An integrated payment solution saves a software vendor’s customers the need to research and select a separate provider for their payment services and allows them to offer a seamless customer experience.
When it comes to building payments into your software, you and your developer(s) have two options:
- Build the payment functionality internally from scratch.
- Integrate with an existing third-party API.
Over the last few years, many developers have taken advantage of the latter option and utilized third- party APIs. First-generation technology companies had to build specific functionality from scratch if they wanted to incorporate payments into their software, but these days, there’s an API for everything – including payment processing.
The easiest and often most cost-efficient way to build payments into your software is to partner with a payment processor that offers an API (Application Programming Interface). An API “is a set of routines, protocols, and tools for building software applications” that facilitate communication between applications (service products, software programs, apps, etc.). An immeasurable number of interactions have been made possible by APIs across most industries, including digital payments. Since Salesforce and eBay introduced their APIs back in 2000, there has been a massive boom of APIs. The first uses of APIs included simple functions like search, but its uses have since expanded to other innovative applications including payments. There are currently over 17,000 public APIs on ProgrammableWeb – and that doesn’t include private APIs. The growth of the API economy isn’t due to any one industry; from fintech to social networks, APIs are being used across multiple fields.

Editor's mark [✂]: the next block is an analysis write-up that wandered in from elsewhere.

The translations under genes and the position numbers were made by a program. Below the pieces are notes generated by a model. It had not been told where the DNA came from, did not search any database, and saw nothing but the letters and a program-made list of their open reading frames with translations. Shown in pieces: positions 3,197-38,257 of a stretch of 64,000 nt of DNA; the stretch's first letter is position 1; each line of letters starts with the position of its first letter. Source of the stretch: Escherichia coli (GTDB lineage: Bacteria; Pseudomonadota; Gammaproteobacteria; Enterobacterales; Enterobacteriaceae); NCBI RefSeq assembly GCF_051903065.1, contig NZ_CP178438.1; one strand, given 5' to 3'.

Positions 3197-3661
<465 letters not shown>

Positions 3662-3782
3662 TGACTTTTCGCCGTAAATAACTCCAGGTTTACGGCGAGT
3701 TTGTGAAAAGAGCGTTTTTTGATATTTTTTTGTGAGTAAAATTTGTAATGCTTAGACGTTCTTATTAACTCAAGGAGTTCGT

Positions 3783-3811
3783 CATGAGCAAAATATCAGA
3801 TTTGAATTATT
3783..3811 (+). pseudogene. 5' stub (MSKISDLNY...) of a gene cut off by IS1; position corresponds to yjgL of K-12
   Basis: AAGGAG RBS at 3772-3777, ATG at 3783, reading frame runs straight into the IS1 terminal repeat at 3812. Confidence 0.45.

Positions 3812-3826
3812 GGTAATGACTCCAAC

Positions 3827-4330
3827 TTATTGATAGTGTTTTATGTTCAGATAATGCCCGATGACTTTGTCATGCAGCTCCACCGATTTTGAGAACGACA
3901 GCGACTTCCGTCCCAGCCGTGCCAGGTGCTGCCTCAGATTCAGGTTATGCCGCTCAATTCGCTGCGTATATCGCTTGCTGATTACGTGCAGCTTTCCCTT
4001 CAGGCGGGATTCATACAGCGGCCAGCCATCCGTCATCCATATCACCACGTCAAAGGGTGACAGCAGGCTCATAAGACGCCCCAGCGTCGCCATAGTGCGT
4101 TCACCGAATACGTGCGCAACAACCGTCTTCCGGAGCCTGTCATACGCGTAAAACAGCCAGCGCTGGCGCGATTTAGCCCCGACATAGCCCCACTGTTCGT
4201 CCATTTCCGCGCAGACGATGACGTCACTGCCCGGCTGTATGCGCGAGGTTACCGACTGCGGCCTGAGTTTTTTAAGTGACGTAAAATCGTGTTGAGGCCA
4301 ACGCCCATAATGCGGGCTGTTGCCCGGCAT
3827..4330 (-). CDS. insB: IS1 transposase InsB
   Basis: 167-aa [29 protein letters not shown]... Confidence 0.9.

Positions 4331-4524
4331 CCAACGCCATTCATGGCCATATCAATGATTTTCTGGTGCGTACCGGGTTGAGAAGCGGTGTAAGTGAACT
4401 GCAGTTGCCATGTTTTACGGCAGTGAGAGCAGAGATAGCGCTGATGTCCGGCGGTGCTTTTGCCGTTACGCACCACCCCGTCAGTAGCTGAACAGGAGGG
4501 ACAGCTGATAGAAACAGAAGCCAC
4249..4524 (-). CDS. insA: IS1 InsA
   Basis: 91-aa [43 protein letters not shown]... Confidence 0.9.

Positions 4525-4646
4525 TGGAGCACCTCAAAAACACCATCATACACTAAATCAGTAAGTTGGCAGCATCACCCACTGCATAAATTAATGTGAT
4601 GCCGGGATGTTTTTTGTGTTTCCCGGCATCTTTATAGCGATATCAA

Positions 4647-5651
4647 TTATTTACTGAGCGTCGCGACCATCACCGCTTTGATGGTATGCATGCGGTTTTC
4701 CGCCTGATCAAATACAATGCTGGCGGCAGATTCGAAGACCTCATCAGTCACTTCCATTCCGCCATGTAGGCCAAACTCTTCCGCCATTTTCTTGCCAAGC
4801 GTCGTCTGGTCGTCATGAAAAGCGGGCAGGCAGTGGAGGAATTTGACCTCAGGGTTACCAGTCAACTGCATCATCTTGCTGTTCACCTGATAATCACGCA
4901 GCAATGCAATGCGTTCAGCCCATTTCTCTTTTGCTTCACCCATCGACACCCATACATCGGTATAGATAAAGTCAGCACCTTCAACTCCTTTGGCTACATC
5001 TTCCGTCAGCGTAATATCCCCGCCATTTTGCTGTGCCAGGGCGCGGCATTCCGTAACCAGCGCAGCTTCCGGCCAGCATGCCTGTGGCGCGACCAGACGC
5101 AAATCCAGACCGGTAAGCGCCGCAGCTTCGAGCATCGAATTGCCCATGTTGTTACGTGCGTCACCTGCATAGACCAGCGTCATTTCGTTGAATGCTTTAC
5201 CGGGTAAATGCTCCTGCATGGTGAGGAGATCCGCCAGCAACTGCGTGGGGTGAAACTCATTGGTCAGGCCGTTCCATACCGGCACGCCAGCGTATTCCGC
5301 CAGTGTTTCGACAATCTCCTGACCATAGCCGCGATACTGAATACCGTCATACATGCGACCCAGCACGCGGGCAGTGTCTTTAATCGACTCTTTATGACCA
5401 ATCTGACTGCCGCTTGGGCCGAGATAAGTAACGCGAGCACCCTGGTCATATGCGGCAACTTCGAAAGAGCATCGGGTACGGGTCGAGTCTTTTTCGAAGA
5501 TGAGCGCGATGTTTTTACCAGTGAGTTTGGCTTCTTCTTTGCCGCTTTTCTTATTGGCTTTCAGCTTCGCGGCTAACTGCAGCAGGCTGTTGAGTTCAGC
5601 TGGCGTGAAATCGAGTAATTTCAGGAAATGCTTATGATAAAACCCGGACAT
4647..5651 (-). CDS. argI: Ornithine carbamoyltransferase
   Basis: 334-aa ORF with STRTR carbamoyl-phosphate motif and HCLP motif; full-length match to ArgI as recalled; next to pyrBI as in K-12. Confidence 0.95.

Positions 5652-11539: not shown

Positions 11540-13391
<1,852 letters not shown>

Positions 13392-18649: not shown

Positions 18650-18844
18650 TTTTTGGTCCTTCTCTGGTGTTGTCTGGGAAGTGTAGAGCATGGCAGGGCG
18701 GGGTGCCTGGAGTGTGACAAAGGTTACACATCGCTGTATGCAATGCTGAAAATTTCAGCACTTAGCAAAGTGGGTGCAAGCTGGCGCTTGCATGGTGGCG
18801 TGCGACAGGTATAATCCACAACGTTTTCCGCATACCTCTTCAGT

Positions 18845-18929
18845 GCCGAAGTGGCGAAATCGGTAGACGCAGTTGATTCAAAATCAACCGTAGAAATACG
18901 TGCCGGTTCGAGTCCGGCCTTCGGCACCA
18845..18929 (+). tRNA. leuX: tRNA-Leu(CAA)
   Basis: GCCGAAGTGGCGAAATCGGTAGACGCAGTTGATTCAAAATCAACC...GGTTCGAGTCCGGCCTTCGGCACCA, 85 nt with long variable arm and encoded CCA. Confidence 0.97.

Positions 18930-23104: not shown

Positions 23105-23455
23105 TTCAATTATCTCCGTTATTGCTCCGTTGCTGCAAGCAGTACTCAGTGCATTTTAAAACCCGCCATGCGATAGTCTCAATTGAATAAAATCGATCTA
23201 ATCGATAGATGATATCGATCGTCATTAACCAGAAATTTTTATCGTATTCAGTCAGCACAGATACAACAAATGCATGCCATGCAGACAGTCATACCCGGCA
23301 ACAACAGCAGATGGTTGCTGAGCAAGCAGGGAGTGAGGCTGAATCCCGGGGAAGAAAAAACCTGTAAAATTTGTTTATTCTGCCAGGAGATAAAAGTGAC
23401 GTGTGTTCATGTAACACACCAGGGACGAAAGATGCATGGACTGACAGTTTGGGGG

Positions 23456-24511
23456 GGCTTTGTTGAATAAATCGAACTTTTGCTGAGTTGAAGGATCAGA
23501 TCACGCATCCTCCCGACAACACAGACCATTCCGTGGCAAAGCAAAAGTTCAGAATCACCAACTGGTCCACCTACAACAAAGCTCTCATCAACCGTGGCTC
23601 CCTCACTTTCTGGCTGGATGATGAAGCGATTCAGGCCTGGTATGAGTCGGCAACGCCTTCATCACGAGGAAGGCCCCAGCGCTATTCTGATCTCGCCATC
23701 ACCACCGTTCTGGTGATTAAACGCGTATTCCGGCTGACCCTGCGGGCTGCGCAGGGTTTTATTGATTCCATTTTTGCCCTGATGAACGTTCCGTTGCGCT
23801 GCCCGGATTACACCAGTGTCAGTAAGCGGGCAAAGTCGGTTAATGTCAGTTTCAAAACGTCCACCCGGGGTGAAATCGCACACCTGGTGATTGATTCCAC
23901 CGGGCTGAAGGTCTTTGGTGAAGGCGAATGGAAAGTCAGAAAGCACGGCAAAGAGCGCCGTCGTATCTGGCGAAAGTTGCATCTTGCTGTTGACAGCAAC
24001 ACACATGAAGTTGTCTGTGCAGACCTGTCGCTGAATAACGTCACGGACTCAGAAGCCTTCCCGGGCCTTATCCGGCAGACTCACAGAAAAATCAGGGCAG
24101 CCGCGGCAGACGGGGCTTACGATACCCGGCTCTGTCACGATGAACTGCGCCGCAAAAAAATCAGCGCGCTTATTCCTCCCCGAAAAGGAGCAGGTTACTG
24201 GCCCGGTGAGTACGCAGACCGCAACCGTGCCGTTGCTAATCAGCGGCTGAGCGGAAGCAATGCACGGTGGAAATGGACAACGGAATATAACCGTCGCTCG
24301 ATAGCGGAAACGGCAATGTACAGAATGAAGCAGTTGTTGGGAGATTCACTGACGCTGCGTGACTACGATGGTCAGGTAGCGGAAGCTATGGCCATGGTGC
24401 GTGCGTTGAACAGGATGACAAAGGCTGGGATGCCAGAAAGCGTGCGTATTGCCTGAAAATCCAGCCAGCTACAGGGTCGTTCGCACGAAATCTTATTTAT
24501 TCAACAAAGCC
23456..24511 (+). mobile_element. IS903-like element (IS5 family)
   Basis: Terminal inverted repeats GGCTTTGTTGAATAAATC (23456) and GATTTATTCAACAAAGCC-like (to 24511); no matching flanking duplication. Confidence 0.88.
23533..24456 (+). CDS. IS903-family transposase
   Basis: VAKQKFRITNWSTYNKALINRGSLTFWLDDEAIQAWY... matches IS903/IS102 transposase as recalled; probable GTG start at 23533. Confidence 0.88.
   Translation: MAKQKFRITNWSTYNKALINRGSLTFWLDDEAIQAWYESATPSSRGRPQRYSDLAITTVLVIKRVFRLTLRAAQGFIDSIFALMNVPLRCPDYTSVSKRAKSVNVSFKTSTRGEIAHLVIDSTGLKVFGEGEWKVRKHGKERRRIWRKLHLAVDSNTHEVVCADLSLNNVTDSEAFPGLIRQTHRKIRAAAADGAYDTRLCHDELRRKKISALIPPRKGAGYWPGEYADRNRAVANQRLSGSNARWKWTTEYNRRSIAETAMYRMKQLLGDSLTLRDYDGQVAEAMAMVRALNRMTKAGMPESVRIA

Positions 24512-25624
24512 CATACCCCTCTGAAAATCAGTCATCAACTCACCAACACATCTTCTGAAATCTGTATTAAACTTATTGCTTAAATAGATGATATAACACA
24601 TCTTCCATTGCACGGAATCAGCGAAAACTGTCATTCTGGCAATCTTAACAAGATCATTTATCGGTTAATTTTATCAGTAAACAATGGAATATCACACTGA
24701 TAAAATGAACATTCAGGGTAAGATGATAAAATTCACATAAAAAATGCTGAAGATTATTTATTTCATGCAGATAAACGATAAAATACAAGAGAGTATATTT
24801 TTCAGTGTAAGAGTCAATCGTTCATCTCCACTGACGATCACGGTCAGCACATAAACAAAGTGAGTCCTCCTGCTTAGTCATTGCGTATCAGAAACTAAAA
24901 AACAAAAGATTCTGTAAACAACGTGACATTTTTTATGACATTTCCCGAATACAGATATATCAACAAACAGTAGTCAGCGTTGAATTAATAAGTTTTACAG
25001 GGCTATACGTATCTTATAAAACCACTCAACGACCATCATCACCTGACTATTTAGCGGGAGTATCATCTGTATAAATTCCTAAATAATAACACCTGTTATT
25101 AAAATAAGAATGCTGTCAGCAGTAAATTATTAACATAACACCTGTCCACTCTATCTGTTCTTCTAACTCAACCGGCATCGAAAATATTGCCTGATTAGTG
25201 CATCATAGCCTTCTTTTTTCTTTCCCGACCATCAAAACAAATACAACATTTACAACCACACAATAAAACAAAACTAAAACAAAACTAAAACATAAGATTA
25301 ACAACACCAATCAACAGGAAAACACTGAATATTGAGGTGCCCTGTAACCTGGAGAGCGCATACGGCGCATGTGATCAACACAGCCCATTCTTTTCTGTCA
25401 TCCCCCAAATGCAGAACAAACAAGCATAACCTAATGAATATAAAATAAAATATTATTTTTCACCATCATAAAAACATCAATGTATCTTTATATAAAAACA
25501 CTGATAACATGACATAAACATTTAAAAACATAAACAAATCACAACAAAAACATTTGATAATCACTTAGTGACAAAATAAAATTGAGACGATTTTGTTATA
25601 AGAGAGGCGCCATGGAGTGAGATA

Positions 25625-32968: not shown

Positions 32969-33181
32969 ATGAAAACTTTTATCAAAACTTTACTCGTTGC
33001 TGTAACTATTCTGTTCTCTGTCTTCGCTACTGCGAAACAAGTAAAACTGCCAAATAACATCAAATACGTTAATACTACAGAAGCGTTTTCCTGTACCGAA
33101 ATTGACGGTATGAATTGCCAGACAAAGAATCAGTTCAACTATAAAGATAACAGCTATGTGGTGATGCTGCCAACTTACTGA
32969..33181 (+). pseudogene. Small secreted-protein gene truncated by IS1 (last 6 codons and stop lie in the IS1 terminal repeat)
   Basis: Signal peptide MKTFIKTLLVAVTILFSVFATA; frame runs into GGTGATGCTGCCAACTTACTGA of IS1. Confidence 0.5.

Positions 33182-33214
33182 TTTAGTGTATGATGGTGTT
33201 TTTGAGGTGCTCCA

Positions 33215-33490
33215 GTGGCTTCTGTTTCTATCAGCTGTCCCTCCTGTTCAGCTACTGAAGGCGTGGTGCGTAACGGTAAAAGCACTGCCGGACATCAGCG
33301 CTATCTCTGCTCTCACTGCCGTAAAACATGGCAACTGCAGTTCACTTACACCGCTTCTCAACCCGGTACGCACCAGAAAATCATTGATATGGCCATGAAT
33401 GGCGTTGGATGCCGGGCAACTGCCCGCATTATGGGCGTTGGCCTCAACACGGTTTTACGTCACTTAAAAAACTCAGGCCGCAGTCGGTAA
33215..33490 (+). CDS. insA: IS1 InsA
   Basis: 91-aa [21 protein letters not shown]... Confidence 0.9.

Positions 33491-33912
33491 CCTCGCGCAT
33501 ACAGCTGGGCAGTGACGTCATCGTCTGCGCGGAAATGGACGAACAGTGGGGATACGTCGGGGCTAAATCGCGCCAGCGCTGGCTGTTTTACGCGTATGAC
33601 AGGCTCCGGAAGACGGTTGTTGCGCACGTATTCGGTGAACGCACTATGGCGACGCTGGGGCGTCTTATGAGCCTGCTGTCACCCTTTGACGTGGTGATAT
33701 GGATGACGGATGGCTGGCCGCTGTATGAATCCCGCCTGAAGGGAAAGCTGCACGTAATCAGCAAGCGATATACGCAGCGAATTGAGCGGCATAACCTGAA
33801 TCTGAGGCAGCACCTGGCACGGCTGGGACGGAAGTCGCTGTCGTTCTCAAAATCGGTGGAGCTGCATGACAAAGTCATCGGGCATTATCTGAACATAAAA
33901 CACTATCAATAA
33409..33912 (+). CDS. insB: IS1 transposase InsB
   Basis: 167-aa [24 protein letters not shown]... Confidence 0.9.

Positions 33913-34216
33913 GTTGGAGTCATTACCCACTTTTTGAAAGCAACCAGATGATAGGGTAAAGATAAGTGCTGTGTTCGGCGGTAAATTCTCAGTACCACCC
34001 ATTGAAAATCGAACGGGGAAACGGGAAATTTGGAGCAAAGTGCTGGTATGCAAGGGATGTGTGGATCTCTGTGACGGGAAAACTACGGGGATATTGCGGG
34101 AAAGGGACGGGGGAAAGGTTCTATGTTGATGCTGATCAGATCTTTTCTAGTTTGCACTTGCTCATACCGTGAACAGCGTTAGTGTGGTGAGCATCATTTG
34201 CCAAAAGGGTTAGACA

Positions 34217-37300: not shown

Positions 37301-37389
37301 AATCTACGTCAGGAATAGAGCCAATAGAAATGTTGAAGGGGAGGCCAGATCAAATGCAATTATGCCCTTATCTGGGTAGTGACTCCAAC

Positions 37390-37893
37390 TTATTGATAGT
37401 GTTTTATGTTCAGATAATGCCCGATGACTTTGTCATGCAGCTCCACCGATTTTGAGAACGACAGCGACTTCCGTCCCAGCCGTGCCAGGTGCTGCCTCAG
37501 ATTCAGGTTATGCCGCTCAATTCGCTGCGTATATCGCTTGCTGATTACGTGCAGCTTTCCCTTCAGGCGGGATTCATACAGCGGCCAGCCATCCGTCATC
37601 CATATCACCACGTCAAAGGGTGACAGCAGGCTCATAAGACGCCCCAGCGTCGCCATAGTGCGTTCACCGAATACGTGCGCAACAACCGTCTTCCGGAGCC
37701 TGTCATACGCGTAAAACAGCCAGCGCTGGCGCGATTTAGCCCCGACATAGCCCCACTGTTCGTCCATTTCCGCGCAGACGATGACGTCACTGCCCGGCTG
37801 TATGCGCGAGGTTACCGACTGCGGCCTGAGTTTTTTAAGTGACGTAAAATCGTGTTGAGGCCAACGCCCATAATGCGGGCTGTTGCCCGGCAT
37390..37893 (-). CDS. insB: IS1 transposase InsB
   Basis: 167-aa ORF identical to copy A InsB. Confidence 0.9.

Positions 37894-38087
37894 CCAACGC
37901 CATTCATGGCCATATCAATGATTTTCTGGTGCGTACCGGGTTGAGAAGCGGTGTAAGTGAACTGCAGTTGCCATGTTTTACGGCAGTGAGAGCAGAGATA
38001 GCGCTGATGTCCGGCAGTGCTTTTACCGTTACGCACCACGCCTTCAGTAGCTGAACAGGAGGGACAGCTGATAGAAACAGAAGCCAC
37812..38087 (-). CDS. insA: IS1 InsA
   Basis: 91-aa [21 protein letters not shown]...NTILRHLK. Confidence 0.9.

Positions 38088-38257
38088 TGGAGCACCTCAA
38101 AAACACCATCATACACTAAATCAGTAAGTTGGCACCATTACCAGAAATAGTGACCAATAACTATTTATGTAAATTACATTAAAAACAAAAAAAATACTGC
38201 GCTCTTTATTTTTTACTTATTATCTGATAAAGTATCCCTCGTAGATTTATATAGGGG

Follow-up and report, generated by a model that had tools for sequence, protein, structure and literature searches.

APIs simplify your development process
As more websites and applications were created, common features began to surface. As a result, APIs for popular functions surfaced. APIs simplified and sped up the development process by allowing developers to build on top of, or integrate with existing products rather than building an entire system from scratch. APIs appealed to software vendors as they realized they didn’t need to dedicate developer resources to build these standardized functionalities into their software; they could utilize an API and stay focused on their core product. These APIs are also typically more flexible and robust than those built internally. As a result, there has been an increase in reliance on third-party APIs from larger platforms and specialized developers like Payfirma.
Benefits of integrating with a specialized payment processing API:
- Comprehensive security: Any merchant that comes into contact with payment information is subject to PCI compliance, which can be a hassle to maintain. A reliable and trustworthy payment processing API takes care of PCI compliance so your clients don’t have to worry about it. They ensure that every transaction processed is encrypted and payment information is always safely stored.
- Increased productivity: Software vendors that leverage existing, more robust APIs are able to free up more time to focus on developing their core products/services.
- Reduced costs: Third-party APIs save you the cost of hiring a developer to build the functionality and maintain the technology. A third-party API automatically updates to keep up with the latest advancements and regulations.
This is an adapted excerpt from our latest eBook, Payment Integration 101: A Software Vendor’s Guide to Payment Partnerships. To read more, download the free eBook on the right.